Drunk Pilot Receives 10 Months in Prison After Failing Breathalyzer Test Before Takeoff

A Japan Airlines passenger jet taxies across the tarmac at Haneda International Airport in Tokyo, Japan, on January 31, 2018. TOSHIFUMI KITAMURA/AFP/Getty Images

A Japanese pilot arrested trying to board a passenger plane more than nine times over the alcohol limit has been jailed for 10 months.

Katsutoshi Jitsukawa admitted to drinking heavily the night before he was scheduled to fly a Boeing 777 Japan Airlines passenger jet from Heathrow Airport in London to Tokyo on October 28. He was arrested just 50 minutes before the scheduled takeoff, the BBC reported.

Jitsukawa was found to have 189 mg of alcohol per 100 ml of blood in his system—far above the legal limit for pilots of 20 mg. The drink-drive limit in most of the U.K.—excluding Scotland—is 80 mg per 100 ml of blood.

Jitsukawa, who said he felt an "abject disgrace," admitted to one charge of performing an aviation function when his ability was impaired through alcohol. The airman has since lost his job.

Judge Phillip Matthews said Jitsukawa, who was supposed to be serving as a co-pilot, was "very intoxicated" when he arrived to board the flight. "Most important is the safety of all persons on board that very long-haul flight, potentially 12 hours or more. Their safety was put at risk by your inebriation and drunkenness," he told Jitsukawa.

"The prospect of you taking over control of that aircraft is too appalling to contemplate. The potential consequences for those on board was catastrophic," he added. Matthews also said Jitsukawa had put his colleagues in a difficult position of covering up his drunkenness or reporting him.

Police were called to the gate when security staff noticed Jitsukawa smelled of alcohol. Staff said the pilot had "glazed eyes" and a police officer later said he had "difficulty standing straight."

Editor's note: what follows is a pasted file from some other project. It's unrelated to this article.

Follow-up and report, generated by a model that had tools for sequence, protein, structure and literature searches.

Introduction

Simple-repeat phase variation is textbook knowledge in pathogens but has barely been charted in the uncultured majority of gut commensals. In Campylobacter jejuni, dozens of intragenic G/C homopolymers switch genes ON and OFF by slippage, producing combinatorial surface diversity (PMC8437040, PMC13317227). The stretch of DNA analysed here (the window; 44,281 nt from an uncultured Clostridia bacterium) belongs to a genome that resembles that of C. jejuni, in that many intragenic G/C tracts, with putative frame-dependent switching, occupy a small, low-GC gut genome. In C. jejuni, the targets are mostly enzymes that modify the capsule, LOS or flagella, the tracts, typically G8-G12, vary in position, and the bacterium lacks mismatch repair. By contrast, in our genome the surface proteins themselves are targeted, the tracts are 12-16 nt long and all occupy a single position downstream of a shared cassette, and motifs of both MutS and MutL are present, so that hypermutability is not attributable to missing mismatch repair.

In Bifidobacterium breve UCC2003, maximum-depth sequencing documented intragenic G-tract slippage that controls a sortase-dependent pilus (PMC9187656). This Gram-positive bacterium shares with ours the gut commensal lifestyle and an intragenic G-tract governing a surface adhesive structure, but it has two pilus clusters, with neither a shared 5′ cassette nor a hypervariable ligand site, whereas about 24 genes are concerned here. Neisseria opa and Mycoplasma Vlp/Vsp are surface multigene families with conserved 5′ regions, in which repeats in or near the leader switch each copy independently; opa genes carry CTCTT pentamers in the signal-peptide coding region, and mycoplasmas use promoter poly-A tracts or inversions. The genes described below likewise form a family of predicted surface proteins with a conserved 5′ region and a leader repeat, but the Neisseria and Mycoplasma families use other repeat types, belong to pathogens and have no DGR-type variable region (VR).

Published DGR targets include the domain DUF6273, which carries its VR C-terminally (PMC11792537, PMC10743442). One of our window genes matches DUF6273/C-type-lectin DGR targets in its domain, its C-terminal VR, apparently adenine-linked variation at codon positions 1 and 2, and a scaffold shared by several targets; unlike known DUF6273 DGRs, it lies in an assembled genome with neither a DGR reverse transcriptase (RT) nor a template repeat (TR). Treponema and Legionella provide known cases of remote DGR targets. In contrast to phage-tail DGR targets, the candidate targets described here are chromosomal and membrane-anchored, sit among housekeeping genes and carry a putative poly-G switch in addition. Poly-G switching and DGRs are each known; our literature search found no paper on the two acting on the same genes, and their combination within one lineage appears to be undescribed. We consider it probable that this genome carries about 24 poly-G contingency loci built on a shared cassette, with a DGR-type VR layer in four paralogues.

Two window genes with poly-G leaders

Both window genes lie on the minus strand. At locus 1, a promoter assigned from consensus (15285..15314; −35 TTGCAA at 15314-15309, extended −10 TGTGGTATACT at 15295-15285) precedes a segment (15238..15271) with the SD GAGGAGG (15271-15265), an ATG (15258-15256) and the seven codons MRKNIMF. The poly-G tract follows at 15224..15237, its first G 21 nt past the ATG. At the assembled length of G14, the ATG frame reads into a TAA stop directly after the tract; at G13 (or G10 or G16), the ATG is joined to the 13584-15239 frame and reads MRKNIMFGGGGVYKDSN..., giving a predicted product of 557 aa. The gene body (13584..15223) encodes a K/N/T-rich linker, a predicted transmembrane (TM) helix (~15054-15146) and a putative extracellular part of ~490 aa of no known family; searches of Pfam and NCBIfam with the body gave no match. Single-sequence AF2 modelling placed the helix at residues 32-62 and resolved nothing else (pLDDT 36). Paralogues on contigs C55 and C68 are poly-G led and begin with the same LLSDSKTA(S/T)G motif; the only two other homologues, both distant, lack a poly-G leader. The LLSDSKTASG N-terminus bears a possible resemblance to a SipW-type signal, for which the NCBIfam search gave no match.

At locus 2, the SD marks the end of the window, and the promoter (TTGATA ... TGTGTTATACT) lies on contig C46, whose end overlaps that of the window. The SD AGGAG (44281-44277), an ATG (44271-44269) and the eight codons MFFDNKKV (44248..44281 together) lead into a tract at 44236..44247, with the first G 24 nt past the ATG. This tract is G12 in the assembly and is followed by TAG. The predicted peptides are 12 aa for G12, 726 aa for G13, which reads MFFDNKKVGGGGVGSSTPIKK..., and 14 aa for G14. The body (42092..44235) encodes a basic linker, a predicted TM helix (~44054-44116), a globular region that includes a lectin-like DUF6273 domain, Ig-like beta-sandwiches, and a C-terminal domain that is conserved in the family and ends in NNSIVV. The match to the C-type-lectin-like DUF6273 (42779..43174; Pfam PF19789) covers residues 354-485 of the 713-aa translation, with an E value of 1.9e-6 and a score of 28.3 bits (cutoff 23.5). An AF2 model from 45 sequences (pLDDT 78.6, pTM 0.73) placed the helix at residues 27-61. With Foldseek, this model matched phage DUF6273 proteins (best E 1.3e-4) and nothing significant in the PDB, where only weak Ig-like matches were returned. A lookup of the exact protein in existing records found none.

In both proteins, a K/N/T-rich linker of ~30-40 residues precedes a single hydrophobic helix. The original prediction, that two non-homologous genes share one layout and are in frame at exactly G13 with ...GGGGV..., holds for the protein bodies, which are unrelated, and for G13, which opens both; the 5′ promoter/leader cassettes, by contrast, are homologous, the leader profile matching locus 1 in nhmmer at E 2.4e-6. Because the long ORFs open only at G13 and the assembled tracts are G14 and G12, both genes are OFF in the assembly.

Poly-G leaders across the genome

Japan Airlines vice president Yasuhiro Kikuchi was in court to hear the verdict. He spoke to reporters outside and vowed the organization will "work together to prevent this happening again." He denied the other crew members had done anything wrong.

According to prosecutor Douglas Adams, Jitsukawa was challenged by security staff on the plane. The pilot told them he drank whisky the night before but had already passed a breathalyzer test.

He then told the staff he needed to get his blazer from inside the plane. The security manager followed Jitsukawa and found him in the bathroom rinsing his mouth with mouthwash.

Jitsukawa had cheated the first breathalyzer, taking it some distance from the senior pilots who were supposed to be watching, The Asahi Shimbun reported. Japan Airlines has said it will introduce a new testing system at foreign airport to prevent a repeat of the incident.

According to the Kyodo News Agency, Jitsukawa later admitted to drinking until around 10 p.m. the night before he was due to fly, consuming roughly two bottles of wine and a whole pitcher of beer.

Bill Emlyn Jones, who was mitigating, claimed Jitsukawa was using alcohol to self-medicate for depression. He said the pilot felt "abject disgrace" and wished to apologise to the airline, passengers and his family "for the shame he had brought upon them."

Following Jitsukawa's arrest, Japan's transport ministry issued an order to all Japanese airlines to implement measures to control excessive drinking by flight crew. The ministry said it required reports from each airline detailing the steps taken by the end of November.

Since August 2017, there have been 19 cases where Japan Airlines pilots have failed the company's alcohol tests, the BBC reported.